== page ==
Once Petrichor goes live on Spotify and other streaming services, I will let you know. Despite having listened to these songs literally hundreds of times over the past few weeks, I'm pretty excited to hear it. 

I hope you are, too.  


Monday, June 14, 2021

Apparitional

I think that my great-great grandfather might have been a vampire. I don't drink blood or anything, and I do show up in mirrors, but only about one in six of those motion-sensor sinks works for me. I have to wave my hands around in front of the faucet like a lunatic, leaping sideways from one to the next until I find one that works. I usually give up on towel dispensers after the third or fourth try and just flap my hands around like a dog's ears until they're dry. For some reason, these things choose to ignore me, like I'm not even there.

Along these same lines, I cannot find a single review or comment anywhere about any of my music. Zero. This is weird, considering that this site gets hundreds of hits per day and my songs have been streamed tens of thousands of times all over the world. I would love to know who is listening and what you think... unless you don't like it, in which case, please hold your criticisms until after you've recorded six original albums on which you play every instrument. Then see if you can appreciate what I'm doing.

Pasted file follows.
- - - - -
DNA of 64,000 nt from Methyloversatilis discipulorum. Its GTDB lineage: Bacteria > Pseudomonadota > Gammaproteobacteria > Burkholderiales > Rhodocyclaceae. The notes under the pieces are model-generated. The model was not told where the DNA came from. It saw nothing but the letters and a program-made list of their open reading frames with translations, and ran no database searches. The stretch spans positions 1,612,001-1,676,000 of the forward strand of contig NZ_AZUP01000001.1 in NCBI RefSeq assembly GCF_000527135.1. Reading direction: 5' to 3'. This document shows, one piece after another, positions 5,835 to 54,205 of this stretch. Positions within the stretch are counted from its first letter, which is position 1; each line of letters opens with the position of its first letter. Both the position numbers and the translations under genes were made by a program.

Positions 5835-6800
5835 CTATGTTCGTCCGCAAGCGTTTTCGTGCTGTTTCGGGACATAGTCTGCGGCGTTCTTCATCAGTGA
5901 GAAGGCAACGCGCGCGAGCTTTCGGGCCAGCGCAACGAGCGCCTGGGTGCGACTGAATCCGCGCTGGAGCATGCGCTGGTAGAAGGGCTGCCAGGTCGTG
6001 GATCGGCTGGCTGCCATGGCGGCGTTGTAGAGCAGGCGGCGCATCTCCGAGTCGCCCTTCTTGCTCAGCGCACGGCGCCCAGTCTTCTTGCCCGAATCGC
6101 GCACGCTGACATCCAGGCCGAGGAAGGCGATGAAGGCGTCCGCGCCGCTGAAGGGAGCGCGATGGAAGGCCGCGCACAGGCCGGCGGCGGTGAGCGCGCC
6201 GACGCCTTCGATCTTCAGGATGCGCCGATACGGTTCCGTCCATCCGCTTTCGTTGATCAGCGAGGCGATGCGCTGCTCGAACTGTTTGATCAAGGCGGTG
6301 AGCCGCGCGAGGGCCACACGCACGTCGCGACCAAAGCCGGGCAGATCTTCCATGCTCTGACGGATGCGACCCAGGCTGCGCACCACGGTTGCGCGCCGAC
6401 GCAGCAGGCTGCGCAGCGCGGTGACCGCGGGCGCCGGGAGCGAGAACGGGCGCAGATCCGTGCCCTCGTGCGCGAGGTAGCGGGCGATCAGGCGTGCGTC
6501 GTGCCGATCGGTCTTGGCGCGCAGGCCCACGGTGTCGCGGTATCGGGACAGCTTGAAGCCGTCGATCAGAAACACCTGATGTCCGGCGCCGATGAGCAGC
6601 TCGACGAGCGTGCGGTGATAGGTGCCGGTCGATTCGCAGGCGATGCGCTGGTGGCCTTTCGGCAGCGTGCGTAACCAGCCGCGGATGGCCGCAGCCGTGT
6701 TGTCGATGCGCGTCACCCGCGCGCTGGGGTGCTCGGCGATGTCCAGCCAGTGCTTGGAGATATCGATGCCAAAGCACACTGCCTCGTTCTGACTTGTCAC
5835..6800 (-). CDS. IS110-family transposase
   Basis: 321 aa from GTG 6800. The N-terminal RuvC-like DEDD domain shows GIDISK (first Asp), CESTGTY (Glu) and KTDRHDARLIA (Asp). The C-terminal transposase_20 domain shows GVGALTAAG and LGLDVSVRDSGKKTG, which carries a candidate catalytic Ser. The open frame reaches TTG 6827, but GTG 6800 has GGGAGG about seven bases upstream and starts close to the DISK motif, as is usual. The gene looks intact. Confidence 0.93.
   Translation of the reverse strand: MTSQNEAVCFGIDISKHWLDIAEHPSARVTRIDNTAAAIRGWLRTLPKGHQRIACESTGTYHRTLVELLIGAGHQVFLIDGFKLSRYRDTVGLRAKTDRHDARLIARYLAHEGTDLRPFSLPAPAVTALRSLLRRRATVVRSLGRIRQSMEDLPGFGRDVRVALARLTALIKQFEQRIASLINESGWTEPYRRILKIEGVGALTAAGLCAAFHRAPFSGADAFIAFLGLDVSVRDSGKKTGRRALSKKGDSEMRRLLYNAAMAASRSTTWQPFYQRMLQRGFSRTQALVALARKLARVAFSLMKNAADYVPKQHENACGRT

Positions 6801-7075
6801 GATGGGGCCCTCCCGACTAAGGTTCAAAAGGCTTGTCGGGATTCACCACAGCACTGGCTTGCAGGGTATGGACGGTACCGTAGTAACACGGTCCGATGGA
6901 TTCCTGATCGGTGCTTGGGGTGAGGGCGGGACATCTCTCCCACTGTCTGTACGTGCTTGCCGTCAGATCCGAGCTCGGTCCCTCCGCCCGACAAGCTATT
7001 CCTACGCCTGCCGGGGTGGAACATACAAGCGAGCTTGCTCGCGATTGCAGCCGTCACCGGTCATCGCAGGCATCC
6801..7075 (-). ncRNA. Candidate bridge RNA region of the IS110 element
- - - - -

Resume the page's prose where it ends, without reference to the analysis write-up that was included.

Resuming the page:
Every once in a while, someone buys my one published book, and for that, there actually is one review that exists out there in the web-o-sphere. I strongly suspect that my book was a required text for a graduate seminar and that the reviewer did not actually read more than a few pages of it. She gave it three stars and wrote one sentence about how the title should be different. Thanks for the tip about my already published book. I will file that under U for unhelpful. Also, if the publishers wanted to change the title, they could have.